Influence on wheat prices
Markets remain volatile and difficult to predict with undoubtable damage being done to economies around the world with an increasing number of countries on lockdown due to Covid-19.
Grain markets initially found some support at the start of last week with a sharp rebound in prices. This was largely as a result of the demand created by panic buying but was also fuelled by the prospect of a change to Russian export quotas to protect domestic food supply.
Although the mention of export quotas in Russia will always stir markets and have the potential to spike prices, the reality of the headline is of less significance than it seems. As ever with Russian news the detail was missing and whilst a limit of 7Mmt of exports from now until June has been imposed, this is more or less in line with what the trade would have expected regardless of any quota. Therefore, on the face of it, the actual impact is relatively immaterial. Ukraine has also followed Russia but instead by banning flour exports for 15 days.
Another reason for the initial rise in US markets was due to currency movements. The US Dollar weakened significantly early in the week and served as a stark reminder as to how much the virus will interrupt the global economy. US Jobless claims were the catalyst for the move and forex traders were clearly disappointed with the number having since sold the USD in volume. This then made US export levels look more competitive than before and helped US futures markets to gain value.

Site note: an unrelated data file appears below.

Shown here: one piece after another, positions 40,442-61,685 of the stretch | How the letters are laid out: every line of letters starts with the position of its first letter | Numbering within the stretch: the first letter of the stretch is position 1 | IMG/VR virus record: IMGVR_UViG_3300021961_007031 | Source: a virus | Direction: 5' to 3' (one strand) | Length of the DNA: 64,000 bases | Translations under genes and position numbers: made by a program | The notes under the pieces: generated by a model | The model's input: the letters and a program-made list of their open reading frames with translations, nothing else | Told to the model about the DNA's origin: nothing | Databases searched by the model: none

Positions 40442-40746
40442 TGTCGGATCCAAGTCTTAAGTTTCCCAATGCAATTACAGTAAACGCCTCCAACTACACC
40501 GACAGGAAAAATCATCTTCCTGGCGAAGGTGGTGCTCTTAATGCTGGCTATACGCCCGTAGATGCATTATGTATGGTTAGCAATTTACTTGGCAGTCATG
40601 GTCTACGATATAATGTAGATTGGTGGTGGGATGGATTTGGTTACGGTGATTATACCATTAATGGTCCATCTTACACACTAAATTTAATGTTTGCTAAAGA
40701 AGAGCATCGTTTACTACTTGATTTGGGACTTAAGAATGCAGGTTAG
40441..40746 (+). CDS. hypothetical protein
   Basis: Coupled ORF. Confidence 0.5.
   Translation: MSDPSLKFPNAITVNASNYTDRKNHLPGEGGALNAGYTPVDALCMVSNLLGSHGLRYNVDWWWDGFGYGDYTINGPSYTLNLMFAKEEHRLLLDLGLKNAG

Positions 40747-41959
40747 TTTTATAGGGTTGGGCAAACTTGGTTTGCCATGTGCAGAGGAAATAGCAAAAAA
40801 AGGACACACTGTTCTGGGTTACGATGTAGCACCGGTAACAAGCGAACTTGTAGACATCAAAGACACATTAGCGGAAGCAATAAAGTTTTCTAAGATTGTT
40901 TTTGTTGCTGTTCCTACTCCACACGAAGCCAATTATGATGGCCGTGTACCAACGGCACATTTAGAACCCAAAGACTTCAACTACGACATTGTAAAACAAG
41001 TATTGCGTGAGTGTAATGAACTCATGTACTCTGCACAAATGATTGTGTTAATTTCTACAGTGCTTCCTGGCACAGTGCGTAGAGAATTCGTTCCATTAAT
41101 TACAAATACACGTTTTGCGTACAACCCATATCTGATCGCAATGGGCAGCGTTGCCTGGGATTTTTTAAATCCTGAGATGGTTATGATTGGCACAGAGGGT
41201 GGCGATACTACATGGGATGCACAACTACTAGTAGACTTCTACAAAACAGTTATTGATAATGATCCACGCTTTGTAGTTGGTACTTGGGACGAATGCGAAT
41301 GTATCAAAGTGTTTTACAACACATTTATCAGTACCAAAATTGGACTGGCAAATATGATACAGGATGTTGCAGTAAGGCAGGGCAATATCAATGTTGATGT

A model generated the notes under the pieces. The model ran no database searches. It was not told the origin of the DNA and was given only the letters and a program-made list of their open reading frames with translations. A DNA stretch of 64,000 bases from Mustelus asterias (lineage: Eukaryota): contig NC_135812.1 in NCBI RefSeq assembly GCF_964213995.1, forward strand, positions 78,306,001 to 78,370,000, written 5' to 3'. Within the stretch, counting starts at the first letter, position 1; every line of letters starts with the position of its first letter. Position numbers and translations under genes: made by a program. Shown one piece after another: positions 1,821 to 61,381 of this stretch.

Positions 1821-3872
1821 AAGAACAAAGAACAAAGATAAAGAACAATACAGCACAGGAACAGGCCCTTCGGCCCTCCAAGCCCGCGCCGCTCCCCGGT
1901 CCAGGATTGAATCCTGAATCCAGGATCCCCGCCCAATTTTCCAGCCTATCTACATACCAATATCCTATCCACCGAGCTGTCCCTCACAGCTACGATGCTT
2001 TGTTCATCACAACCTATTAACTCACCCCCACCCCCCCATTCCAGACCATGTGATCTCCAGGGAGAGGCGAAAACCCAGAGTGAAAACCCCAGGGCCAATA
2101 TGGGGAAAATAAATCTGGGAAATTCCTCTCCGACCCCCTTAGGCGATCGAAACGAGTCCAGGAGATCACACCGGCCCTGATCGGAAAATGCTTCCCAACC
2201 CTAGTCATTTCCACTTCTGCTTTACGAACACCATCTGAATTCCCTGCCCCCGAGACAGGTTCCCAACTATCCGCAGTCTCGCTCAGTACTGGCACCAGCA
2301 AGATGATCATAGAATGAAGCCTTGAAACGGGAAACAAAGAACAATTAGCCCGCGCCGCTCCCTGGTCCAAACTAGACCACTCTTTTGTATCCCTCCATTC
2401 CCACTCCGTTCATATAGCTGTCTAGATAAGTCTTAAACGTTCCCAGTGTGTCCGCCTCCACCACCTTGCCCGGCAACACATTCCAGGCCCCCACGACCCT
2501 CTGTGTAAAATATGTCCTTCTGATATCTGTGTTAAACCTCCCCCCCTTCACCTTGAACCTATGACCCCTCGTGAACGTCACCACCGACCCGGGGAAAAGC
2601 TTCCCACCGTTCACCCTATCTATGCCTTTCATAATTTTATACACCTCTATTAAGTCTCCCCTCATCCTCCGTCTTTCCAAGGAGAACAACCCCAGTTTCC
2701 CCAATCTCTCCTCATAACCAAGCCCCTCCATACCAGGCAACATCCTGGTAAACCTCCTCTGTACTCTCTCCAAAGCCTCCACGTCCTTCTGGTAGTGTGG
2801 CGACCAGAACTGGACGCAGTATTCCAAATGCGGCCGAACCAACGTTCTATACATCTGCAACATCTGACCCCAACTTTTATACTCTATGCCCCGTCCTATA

This rally in grain prices, however, was short lived and the markets have started to drift lower over the past few days. Demand hasn’t been helped by the announcement that the US would shut 15% of its ethanol production down with a further reduction expected.
In the UK, currency has been a large contributor to the drop in prices with the Pound firming significantly against the Euro and Dollar. Also, with the tighter lockdown controls and restrictions at supermarkets, the increased demand from panic buying has waned.
Coronavirus headlines remain a constant with demand reduction a key concern. Globally, weather headlines remain very much in the background for now. For the UK, however, somewhat ironically, we now could do with some rain. Having got much of the spring crop planted now rains are needed to get the crops off to a good start. There is some forecast in the coming 14 days which will should get the spring crops going in better condition to their winter counterparts.